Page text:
Phillip Gwynne has been a staple of the Aussie young adult scene since the 1998 release of his debut novel, Deadly, Unna? which still remains one of the (sadly) few Australian YA books with a focus on indigenous culture and characters (something I'm quite passionate about).
So I was thrilled at the chance to interview Mr Gwynne about his new book series, The Debt
This series is hot news right now, and an interview also appears into today's The Age. So jump on-board this new thrill-ride, and meet the man behind these books...
Q: How were you first published, agent or slush pile?The slush pile, god bless it. I sent the ms for Deady Unna in to Penguin and they accepted it. It was only after I had a deal that I thought about getting myself an agent.
Q: How long did it take you to write ‘Catch the Zolt’, from first idea to final manuscript?The whole series took about three years to write, which averages out to 6 months per book! At one stage Catch the Zolt was the second book in the series, but for reasons which I will talk about later it became the first.
I never thought I would be a word quota sort of guy, but I realised that the only way I was going to hit my deadlines was to instigate some sort of discipline, so daily quotas it was.
In the beginning it was 1500 word per day, which became 2000, which became 3000, and then 5000 words for the last book!
Historically a ‘pantser’ but with The Debt I did a lot more prior plotting. It would be interesting to see how much the final product deviated from this plotting though I think the way it works for me is that I have to totally write myself into the moment before I know what my characters are going to do, and often what they do is completely surprising,
Q: Are you a plotter or a ‘pantser’? – That is, do you meticulously plot your novel before writing, or do you ‘fly by the seat of your pants’ and let the story evolve naturally?
Q: Where do story ideas generally start for you? Do you first think of the character, theme, ending? Or is it just a free-fall?I’m always fascinated by this question, and probably still haven’t managed to give it the answer it deserves. So here goes another – honourable, I hope - failure.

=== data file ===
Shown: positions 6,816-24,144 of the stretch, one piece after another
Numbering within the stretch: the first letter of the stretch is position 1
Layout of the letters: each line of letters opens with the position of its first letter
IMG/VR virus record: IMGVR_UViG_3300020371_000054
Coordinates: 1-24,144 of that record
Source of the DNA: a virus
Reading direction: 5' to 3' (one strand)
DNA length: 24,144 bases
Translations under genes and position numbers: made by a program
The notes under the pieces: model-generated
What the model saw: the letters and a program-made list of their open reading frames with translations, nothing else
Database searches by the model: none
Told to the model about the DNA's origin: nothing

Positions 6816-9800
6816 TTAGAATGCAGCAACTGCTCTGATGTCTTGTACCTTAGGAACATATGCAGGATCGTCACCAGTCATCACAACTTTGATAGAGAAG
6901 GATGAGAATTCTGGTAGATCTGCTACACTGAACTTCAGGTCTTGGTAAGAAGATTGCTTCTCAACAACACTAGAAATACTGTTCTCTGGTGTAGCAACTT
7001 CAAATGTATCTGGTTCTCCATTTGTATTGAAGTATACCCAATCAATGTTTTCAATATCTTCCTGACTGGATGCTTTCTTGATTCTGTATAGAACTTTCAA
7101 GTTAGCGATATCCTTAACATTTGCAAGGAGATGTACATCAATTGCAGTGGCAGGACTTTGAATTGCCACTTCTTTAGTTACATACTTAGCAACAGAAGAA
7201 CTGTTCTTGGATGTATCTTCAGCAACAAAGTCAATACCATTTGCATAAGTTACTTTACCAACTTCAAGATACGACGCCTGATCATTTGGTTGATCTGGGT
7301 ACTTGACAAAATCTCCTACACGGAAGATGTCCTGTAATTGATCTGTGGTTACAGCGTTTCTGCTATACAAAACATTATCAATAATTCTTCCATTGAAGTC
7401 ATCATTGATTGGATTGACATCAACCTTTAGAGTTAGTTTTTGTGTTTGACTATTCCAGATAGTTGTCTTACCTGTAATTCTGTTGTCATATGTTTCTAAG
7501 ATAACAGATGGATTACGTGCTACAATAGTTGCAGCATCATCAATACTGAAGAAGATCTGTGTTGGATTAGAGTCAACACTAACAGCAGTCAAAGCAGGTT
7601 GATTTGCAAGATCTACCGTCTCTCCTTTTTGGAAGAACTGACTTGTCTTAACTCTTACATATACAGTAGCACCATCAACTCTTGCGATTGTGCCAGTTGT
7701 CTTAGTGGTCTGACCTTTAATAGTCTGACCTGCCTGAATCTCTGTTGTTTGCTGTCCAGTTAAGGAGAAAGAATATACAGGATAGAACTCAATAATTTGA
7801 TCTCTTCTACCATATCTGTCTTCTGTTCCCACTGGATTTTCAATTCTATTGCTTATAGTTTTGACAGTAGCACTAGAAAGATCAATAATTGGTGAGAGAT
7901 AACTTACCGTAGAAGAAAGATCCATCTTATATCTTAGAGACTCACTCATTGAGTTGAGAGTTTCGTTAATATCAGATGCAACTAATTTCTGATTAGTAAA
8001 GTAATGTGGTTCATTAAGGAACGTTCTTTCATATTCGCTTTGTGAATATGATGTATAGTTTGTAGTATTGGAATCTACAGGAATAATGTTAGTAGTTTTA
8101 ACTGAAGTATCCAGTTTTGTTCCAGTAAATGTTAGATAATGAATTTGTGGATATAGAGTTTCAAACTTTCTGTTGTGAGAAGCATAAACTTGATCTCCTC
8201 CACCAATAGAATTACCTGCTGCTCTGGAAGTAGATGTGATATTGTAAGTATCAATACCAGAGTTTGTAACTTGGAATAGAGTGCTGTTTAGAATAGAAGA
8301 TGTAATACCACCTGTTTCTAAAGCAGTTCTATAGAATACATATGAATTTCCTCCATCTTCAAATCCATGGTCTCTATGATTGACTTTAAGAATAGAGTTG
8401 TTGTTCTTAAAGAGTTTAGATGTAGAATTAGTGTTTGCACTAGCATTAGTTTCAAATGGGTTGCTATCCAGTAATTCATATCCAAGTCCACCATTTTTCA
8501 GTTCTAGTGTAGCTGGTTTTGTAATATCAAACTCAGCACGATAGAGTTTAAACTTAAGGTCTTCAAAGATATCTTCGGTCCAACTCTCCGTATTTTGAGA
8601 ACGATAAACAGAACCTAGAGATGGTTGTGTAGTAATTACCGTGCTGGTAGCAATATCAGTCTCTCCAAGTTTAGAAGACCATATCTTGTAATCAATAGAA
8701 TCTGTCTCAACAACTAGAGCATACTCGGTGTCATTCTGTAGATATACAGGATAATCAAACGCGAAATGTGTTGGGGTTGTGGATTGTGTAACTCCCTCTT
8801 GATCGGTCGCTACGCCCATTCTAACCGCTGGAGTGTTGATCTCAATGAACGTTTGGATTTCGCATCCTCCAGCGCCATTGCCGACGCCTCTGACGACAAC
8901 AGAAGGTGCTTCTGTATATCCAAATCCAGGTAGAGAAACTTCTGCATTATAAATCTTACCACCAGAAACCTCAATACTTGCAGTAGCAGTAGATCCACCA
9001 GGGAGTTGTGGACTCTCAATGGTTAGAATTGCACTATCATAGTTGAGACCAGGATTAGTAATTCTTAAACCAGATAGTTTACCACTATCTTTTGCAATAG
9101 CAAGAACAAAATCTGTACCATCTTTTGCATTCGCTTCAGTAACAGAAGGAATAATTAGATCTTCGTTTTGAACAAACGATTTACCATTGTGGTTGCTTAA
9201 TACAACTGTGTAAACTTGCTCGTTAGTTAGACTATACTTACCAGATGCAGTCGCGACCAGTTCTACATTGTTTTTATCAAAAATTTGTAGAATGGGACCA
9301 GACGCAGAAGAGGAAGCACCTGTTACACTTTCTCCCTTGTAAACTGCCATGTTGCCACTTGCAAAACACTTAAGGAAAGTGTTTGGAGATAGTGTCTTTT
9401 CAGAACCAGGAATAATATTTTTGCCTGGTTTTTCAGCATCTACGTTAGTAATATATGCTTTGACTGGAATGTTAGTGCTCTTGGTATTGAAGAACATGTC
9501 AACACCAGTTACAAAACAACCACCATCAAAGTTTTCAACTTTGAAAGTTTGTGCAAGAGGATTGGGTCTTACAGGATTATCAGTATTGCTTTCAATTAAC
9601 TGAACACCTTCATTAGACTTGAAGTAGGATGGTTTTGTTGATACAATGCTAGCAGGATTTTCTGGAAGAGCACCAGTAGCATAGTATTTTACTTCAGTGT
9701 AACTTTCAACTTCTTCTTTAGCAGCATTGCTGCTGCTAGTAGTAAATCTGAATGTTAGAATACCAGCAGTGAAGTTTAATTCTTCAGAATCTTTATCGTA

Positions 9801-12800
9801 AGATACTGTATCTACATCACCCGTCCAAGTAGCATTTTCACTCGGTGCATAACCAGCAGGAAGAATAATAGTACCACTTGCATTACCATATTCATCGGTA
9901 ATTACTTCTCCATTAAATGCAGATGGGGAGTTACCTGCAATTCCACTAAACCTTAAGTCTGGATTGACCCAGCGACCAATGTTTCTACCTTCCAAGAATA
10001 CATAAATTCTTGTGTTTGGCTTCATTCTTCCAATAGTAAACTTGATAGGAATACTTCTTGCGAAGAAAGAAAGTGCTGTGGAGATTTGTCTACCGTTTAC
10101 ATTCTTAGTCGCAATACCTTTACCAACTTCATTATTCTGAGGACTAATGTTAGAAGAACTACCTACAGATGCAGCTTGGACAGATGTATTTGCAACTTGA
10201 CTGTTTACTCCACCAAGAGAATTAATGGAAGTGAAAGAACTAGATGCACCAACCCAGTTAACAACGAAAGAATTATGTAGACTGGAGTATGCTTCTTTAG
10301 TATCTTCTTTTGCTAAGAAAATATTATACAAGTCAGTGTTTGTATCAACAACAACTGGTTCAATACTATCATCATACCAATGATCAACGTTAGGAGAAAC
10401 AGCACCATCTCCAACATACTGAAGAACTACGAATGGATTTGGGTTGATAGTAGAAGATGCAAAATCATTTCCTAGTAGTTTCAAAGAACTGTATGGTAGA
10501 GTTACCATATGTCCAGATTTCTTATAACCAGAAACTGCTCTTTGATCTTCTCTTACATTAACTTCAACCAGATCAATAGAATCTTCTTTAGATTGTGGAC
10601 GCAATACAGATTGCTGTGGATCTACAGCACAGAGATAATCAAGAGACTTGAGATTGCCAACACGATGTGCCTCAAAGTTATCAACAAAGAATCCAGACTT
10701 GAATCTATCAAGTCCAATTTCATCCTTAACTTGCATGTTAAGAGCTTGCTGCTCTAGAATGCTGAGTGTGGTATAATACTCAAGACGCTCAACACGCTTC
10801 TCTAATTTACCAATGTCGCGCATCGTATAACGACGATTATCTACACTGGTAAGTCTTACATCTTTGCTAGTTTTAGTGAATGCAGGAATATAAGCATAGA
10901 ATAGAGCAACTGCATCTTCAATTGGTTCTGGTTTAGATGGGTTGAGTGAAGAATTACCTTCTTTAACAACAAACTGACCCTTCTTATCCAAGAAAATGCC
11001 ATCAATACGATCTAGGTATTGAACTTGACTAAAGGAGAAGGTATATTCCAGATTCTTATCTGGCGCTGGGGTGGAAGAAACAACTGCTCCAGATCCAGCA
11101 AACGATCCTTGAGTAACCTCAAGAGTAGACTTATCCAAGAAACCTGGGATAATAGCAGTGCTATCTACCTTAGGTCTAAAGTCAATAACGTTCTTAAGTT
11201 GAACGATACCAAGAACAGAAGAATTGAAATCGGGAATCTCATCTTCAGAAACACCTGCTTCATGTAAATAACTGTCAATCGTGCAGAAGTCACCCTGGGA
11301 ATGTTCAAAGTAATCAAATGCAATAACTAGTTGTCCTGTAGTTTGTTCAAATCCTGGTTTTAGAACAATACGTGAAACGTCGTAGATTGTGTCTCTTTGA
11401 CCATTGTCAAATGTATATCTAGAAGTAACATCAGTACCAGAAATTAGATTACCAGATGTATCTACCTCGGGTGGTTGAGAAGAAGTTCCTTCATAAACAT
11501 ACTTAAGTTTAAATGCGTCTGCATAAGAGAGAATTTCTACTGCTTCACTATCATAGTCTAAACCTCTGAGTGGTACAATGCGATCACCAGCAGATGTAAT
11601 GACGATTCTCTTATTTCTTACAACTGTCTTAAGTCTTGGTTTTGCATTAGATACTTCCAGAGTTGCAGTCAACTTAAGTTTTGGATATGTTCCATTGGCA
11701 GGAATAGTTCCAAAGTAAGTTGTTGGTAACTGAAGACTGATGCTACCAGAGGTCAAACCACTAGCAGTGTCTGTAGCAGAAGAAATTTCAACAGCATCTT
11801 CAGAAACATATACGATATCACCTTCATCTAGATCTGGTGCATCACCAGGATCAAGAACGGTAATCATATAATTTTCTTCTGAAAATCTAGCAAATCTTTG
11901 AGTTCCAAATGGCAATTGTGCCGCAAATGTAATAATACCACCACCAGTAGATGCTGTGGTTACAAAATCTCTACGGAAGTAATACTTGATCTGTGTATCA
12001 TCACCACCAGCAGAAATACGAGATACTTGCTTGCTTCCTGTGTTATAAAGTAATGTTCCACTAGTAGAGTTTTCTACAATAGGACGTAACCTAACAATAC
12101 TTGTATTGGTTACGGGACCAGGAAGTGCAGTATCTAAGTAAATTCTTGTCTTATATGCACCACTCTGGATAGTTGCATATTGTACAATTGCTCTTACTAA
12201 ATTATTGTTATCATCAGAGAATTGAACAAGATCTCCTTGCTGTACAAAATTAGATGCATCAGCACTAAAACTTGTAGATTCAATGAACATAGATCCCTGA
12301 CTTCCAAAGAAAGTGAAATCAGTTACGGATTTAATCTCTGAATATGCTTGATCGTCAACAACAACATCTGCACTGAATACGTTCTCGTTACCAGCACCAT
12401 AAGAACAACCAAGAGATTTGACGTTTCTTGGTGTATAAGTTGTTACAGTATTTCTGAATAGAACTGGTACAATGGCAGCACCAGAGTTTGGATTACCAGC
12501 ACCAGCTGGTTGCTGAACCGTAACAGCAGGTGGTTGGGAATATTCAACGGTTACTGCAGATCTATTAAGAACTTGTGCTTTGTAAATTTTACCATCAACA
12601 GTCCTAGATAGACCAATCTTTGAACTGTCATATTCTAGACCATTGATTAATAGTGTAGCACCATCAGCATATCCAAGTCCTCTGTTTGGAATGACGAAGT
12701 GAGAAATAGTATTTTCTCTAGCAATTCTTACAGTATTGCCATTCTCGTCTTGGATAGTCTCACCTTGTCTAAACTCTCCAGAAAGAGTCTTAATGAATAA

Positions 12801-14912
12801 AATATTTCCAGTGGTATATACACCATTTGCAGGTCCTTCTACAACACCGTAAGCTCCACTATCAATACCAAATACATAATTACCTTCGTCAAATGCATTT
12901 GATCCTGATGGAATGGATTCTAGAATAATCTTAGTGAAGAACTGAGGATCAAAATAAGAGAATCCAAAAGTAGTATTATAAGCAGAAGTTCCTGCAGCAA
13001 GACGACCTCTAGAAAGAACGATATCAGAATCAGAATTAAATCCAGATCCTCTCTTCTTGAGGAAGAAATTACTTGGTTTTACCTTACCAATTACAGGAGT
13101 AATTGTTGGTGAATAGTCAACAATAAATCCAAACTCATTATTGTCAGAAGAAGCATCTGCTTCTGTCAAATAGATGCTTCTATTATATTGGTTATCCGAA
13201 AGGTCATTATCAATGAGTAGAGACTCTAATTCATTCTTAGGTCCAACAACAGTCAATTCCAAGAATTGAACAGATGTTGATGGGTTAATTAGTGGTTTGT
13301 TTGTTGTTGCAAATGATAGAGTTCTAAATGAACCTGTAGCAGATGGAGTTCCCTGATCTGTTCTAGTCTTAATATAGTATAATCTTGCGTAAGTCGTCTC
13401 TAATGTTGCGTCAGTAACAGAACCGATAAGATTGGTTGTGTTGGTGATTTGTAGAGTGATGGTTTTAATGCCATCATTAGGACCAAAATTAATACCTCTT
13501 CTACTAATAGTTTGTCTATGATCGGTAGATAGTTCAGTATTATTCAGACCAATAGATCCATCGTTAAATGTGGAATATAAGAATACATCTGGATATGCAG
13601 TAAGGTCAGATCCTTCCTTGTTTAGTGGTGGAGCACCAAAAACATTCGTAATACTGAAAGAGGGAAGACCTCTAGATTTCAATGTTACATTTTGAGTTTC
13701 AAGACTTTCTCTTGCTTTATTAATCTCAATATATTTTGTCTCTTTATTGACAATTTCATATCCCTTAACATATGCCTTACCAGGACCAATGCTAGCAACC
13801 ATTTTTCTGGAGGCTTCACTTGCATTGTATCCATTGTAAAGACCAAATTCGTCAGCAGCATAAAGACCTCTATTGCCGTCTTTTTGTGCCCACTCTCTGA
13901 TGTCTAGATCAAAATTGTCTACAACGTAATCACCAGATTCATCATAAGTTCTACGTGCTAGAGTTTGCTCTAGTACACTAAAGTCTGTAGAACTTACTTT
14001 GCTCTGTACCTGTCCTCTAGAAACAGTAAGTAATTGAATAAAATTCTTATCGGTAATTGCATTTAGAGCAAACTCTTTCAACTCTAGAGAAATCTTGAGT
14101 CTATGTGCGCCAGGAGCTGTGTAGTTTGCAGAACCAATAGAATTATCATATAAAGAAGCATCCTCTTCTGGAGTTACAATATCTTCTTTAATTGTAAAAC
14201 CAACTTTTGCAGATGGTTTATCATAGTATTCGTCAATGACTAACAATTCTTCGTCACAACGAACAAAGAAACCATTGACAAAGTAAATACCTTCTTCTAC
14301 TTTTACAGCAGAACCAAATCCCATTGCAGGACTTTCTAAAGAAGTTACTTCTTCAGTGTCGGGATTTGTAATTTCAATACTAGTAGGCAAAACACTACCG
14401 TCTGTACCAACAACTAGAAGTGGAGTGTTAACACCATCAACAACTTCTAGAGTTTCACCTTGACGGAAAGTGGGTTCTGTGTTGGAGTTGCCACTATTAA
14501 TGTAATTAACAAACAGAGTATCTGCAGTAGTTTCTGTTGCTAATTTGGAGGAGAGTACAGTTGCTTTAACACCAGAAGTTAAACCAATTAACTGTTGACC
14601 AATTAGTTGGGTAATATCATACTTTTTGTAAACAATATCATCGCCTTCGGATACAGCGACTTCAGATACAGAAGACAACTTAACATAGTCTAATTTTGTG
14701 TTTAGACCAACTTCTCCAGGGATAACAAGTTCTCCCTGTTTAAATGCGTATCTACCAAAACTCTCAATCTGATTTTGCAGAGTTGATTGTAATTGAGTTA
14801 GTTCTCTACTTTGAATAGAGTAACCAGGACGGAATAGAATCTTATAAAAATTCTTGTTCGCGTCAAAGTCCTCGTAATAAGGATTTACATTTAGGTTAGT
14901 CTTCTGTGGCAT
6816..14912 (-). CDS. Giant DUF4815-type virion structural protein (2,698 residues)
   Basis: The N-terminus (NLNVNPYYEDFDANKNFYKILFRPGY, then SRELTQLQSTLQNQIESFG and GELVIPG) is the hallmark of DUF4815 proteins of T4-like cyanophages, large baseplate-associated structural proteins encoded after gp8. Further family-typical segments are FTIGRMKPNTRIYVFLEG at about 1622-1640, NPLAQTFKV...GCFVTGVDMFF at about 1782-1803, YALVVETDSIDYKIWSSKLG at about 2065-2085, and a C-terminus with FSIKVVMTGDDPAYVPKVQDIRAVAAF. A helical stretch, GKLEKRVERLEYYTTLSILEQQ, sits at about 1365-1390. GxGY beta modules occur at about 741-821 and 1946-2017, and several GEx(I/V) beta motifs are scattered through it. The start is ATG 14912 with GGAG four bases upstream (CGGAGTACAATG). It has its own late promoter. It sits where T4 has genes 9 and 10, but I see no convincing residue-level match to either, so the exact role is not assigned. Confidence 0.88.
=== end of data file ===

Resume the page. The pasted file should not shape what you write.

I think story ideas can start from something as seemingly trivial as a smell or a fleeting glance.
That fragment of experience lodges in your brain, and for some reason, unlike the countless other fragments that lodge in your brain every day, this one refuses to budge.
And every now and then your brain, your thoughts, return to it, worry the hell out it.
And it accrues material, the same way that a grit of sand in an oyster accrues material.
Until, eventually, the only choice you have is to prise it out, and turn it into a story.
Okay, that’s one place were stories can come from, but there’s also…
Q: Why do you choose to write young adult fiction? What is it about this genre that you love?To tell the truth, initially I didn’t choose to write it at all. When I wrote Deadly Unna, my first novel, I didn’t even know there was such a thing as Young Adult literature. When Penguin told me that Deadly Unna? was a Young Adult novel I didn’t really know what they were talking about. And, yes, I have written several Young Adult novels since. But I have also written picture books, and younger readers, and adult novels, and screenplays. I really don’t like to be pigeon-holed as this type of writer or that. I’m just a writer. Full stop.
Q: You’ve been part of the Aussie YA scene for many years now – you could say that your 1998 novel ‘Deadly, Unna?’ helped shape Australian YA into the vibrant and highly-acclaimed readership it is today. What have you noticed are the biggest changes to Aussie YA since you first debuted? How do you see the readership has evolved over the years?Well, that’s a lovely complement, though I’m pretty sure YA literature was in good shape before I came along!